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Re: 5 reasons you should ride to work, and 5 you probably do

Postby Nobody » Sun Jan 27, 2013 5:38 pm

Some start cheap. There is a guy at work who bought a cheap bike (or BSO) rigid MTB for about $80 secondhand, got a helmet for about $30 and is commuting to work once or twice a week. His ride is only about 30 minutes and he does it on the standard tyres. No tools, puncture kit or lights at this point. It can be done cheaply.

I suppose people like him just ignore enthusiasts like me who think he should spend more for better comfort, functionality, reliability and speed. Sure, the gears are shockingly bad. The brakes, steel rimmed wheels and tyres are all poor. But it does the job so far.

I would not ride to work on anything less than 7 speed rear with a good saddle, brakes and good functioning gears. Something reliable. But that is the problem with being an enthusiast. I probably couldn't ride to work on a bike less than $300 secondhand. And then I'd have to spend more on it to get it up to a standard that I find acceptable. Yes, I've become a bike snob. :oops:
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5 reasons you should ride to work, and 5 you probably don't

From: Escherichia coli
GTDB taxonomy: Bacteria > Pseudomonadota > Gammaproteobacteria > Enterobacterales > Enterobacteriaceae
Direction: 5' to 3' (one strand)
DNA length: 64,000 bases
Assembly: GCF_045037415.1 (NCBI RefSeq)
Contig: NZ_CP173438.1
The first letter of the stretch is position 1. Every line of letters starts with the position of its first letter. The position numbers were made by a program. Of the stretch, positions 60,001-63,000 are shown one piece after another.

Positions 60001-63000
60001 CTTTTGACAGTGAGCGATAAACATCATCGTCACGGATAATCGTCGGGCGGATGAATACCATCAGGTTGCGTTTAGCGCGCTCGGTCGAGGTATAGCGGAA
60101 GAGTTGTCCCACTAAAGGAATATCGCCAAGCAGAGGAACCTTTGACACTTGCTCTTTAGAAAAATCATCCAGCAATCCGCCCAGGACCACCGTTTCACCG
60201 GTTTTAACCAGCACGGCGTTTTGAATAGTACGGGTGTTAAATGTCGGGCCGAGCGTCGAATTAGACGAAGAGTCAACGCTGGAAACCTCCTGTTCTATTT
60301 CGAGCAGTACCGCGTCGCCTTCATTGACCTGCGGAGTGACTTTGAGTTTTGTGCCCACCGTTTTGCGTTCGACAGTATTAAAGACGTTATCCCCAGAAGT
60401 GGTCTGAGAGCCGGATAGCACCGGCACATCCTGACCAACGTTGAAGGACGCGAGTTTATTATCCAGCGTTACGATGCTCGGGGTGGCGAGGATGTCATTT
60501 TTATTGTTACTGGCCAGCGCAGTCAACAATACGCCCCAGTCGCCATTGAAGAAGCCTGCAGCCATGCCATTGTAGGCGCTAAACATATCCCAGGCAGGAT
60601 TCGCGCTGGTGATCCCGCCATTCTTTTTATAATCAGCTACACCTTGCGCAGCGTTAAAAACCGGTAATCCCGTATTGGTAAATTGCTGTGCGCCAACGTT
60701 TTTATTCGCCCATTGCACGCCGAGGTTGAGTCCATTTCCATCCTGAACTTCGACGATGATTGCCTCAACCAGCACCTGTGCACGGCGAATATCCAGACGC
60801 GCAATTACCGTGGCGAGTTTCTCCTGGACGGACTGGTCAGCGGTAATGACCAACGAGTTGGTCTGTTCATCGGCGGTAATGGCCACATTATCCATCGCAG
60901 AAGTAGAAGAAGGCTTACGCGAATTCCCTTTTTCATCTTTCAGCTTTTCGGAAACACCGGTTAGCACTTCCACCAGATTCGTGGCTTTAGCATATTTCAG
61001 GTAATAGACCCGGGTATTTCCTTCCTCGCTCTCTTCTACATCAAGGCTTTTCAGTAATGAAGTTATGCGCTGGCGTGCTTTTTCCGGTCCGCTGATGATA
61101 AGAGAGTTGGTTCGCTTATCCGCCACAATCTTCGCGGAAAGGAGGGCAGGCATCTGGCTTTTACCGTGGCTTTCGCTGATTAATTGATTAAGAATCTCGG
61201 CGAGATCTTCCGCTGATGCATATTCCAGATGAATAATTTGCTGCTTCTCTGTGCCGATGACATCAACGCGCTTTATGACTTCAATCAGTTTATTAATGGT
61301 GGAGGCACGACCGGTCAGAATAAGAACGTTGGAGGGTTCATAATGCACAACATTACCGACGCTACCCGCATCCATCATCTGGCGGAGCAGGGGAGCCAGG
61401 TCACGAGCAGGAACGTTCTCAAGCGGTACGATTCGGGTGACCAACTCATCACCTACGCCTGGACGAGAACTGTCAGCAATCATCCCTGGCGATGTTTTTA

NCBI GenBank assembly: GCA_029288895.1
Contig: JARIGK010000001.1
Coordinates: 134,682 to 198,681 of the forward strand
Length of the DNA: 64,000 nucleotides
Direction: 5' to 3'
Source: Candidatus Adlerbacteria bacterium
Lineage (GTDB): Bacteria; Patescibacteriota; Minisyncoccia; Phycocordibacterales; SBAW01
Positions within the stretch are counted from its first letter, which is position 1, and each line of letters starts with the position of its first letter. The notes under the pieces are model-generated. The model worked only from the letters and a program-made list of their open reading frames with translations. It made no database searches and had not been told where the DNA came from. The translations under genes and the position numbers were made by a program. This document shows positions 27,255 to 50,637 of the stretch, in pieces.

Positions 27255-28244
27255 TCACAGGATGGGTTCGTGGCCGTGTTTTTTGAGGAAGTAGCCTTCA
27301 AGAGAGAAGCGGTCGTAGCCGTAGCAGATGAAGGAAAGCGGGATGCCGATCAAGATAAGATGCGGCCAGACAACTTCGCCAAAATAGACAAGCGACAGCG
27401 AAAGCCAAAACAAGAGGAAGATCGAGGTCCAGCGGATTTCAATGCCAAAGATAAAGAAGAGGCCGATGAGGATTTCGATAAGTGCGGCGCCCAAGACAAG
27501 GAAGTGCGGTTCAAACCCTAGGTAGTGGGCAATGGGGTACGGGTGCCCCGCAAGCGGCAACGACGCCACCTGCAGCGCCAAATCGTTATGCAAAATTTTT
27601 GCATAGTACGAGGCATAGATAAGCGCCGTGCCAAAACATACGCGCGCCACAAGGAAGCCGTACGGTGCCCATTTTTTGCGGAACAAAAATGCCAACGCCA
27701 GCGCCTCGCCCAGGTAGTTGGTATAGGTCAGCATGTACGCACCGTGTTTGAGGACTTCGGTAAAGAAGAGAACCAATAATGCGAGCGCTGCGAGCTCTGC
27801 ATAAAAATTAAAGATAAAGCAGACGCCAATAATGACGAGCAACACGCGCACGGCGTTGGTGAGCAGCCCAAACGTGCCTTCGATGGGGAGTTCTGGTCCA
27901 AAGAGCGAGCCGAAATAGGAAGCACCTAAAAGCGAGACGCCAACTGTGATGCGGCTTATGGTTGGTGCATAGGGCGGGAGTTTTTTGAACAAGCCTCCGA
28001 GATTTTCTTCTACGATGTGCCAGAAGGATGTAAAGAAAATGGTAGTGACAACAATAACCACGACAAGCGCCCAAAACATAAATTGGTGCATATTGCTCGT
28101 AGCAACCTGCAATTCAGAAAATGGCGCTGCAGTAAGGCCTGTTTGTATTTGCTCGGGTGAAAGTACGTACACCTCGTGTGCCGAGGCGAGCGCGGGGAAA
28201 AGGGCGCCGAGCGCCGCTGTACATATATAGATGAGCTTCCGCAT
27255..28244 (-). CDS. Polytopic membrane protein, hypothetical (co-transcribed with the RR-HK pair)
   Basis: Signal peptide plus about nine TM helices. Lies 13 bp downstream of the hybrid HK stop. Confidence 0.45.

Postby Dan » Sun Jan 27, 2013 7:41 pm

casual_cyclist wrote:
il padrone wrote:
dynamictiger wrote:4: After work I often want to get home as quickly as possible

So ride a bike :roll:

Cycling is the fastest way for me to get home. It takes 25-30 mins to ride. It can take up to 50 minutes by bus. That is a frustrating trip!

FWIW I find cycle commuting rather boring, but not more boring than being on the bus for nearly an hour! :roll: At least a ride is over reasonably quickly + I also got my daily exercise in.


My 13km commute takes effectively half the time when cycling, even counting on a bus arriving as soon as I reach the bus stop. So, a minimum journey of 50 minutes is reduced to a flat 30 mins door to door - even with showering I'm up a quarter of an hour over the public transport option. On road sections total 3 to 5km, depending on the route i choose, with perhaps 500m on a high volume/arterial road.

1 day a week I take the bus in to drop off some shirts, and I could probably even negate this by wearing them unironed out of the backpack. Or by taking an iron to work ;)